On Sun, 25 Feb 2007 13:12:51 -0800, Thomas Wouters <[EMAIL PROTECTED]> wrote:
>I'm sending this to python-dev instead of python-3000 for two reasons: It's
>not about features to be added to Python 3.0, and it's not really
>about 3.0at all -- it's about
>2.6 and later. It's about how we get Python 2.x to 3.0, and howmuch of
>3.0we put into
>2.6 and later.
>I also don't mean doubts about how we're going to keep the
>performance impact minimal or how we're going to handle dict views and what
>not. I mean doubts about this procedure of having transitional releases
>between 2.5 and 3.0, and the *community* impact of 2.6+ and 3.0 this way.

I'm pretty tired at the moment, fried from PyCon, and have a lot of work to 
catch up on, so I'll have to spend a while collecting my thoughts to respond in 
more depth.  However, especially since I've been a vocal proponent of a 
strategy like this for a while, I would like to say that I'm basically happy 
with this.  Not only that, I'm significantly relieved after PyCon about the 
difficulty of the migration, and confident that, if my current understanding is 
correct, Twisted _will_ support 3.0 and beyond.

Effectively, what this plan means is that the most *basic* aspects of 
transitioning to Python 3.0 should work like the transition to any other new 
Python release.  More changes may be necessary, but it should be possible to 
add a few restrictions to your codebase, and continue to supporting older 
releases with little trouble.  Transitioning to 2.5 was a fairly rocky upgrade 
for Twisted as well, though, and we made that one reasonably well.

The one concern I have is that there are things the source translator won't do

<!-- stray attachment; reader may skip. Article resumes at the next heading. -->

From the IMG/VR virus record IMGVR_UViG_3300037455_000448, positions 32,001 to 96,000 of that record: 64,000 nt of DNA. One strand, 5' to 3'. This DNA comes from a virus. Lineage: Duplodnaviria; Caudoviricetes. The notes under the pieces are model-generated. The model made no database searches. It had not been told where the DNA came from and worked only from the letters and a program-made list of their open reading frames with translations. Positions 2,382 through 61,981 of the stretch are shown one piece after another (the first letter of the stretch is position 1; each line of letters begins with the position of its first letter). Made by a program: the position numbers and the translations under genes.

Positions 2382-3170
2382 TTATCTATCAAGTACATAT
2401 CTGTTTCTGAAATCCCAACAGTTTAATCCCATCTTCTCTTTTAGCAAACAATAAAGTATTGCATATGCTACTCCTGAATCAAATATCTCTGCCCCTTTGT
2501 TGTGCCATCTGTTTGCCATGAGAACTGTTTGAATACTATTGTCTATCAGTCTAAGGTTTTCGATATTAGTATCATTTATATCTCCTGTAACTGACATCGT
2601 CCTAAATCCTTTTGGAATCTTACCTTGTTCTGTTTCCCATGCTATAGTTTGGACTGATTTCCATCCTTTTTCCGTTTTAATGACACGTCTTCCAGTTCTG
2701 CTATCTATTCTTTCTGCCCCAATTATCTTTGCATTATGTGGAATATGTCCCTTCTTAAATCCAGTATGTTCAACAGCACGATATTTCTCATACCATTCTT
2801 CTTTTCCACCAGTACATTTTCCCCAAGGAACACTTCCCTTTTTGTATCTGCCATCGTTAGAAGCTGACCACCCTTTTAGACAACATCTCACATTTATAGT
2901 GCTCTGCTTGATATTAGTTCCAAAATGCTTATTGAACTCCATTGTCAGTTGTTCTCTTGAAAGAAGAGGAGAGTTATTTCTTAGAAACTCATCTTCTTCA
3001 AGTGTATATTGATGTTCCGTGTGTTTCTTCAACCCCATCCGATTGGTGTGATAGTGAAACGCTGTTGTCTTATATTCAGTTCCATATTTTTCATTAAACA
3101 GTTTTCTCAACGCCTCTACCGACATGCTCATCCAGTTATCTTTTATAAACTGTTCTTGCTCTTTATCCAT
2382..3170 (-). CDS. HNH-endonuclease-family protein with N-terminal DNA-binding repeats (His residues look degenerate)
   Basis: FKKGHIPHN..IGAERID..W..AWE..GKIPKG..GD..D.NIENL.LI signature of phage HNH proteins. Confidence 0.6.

correctly.  That's fine, but I think there are two important technical features 
it really needs to make the social aspects of this upgrade work well.

2to3 should take great care _tell_ you when it fails.  One concern I have is 
that the source translation may subtly alter the *semantics* of unit test code, 
so that the tests are no longer effective and do not provide adequate coverage. 
 I think this is an extremely unlikely edge case, but a very dangerous one in 
the event that it does happen.  I don't know of any bugs in 2to3 that will do 
this at the moment, but then it's hardly the final release.

Also, the limitations of 2to3 should be very well documented, so that when it 
does tell you how it has failed, it's clear to the developer what changes to 
make to the *2.6 source* to cause it to translate correctly, not how to fix up 
the translated 3.0 code.

Thanks *very* much to all the python core developers and community members who 
have been working to make this happen, especially to Neal, Thomas, and Guido 
for listening intently to all of our concerns at PyCon.
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